A book titled “Cremlini” in the foreground and behind, two green baskets filled with books. A white shirt with green text that reads “New York’s Best Pickle Bookstore” hangs from a shelf, on which are jars of pickles.
(Natalia Palacino Camargo for WSN)

This bookstore is a rare find that carries all sorts of books, Spanish literature and philosophy to political and children's books. There is certainly a book for everyone and at a good price, with a $1 books cart and the occasional “buy one get one free book” offer. You also might also be interested in the store’s extensive selection of pickles. This local shop provides a homey feel full of funky decorations, including disco balls, handwritten signs and, yes, pickle merch. It embodies the spirit of the hip Dimes Square “neighborhood” and encourages book donations with a trade-in of a jar of pickles.


dear friend books

343A Tompkins Ave.

Located on the trendy Tompkins Avenue in Bed-Stuy, dear friend books offers a warm atmosphere and a beautifully curated space. With a wide selection of rare books, first editions, and extensive art magazines and publications, this bookstore provides a great selection of vintage and rare finds. The beautiful interior and friendly staff make this bookstore a staple for many in the community, as it not only provides a wide variety of unique books but also offers a great selection of food and drinks. If you are looking for somewhere to relax, drink some tea and read your favorite book, I would recommend trying their backyard or their indoor bar.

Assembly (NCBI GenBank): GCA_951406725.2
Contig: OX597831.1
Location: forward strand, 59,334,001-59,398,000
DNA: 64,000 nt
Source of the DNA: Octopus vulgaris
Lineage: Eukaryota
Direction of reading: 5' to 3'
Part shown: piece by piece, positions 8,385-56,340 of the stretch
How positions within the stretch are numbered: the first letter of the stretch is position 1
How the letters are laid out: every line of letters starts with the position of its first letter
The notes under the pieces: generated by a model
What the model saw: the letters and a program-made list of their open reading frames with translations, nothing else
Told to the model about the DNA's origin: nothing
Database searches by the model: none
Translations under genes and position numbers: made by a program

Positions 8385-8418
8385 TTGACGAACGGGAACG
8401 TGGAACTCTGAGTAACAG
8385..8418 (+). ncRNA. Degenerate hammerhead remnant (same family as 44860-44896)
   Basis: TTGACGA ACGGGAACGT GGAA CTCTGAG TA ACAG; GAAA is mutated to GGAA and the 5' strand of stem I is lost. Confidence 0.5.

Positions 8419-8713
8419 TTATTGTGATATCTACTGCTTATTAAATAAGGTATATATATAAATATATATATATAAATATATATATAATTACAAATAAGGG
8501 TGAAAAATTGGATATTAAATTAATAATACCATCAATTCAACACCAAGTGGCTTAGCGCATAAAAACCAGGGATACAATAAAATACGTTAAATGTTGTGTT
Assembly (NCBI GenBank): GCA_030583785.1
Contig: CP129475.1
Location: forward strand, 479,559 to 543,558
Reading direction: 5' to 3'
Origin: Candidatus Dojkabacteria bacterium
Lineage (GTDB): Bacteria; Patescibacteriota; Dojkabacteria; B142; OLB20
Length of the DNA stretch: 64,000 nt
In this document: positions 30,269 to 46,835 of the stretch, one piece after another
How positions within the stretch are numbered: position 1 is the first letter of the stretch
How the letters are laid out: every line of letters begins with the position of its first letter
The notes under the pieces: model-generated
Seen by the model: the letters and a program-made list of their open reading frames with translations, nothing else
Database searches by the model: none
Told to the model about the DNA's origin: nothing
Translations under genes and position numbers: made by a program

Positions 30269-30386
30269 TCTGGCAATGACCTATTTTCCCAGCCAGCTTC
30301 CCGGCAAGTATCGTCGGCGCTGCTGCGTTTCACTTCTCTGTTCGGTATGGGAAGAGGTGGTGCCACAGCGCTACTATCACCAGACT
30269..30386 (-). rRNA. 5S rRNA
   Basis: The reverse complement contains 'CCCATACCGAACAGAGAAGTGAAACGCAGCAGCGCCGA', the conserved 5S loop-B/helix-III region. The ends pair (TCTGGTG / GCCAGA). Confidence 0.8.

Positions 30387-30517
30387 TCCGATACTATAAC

Molasses Books

770 Hart St.

A white room filled with bookshelves on all sides. A light with a red cover hangs from above. In the background is a window with the inverted text “Molasses Books” printed on it.
(Natalia Palacino Camargo for WSN)

This small bookstore in Bushwick offers a curated selection of used books and a cozy vibe. Doubling as a coffee shop and bar, Molasses is open until midnight. This neighborhood store has become a favorite spot for many, as it offers a niche catalog of books and delicious drinks in a welcoming environment. It’s the perfect place for a date, offering some of the best coffee in the area and a charming vibe. While the store may look small, it has a wide collection of rare finds, with books stacked from floor to ceiling.

Troubled Sleep

129 Sixth Ave., Brooklyn

Located in Park Slope, Troubled Sleep is a relatively new store that provides a wide range of used and new books at an affordable price. Beautifully organized, with thoughtful curation from the staff, each section is full of wonders. Though the shop focuses mostly on used books, the small selection of new books focuses on highlighting titles that are not always easy to acquire in bigger bookstores. The $1 books at the front of the store are popular for harboring hidden treasures.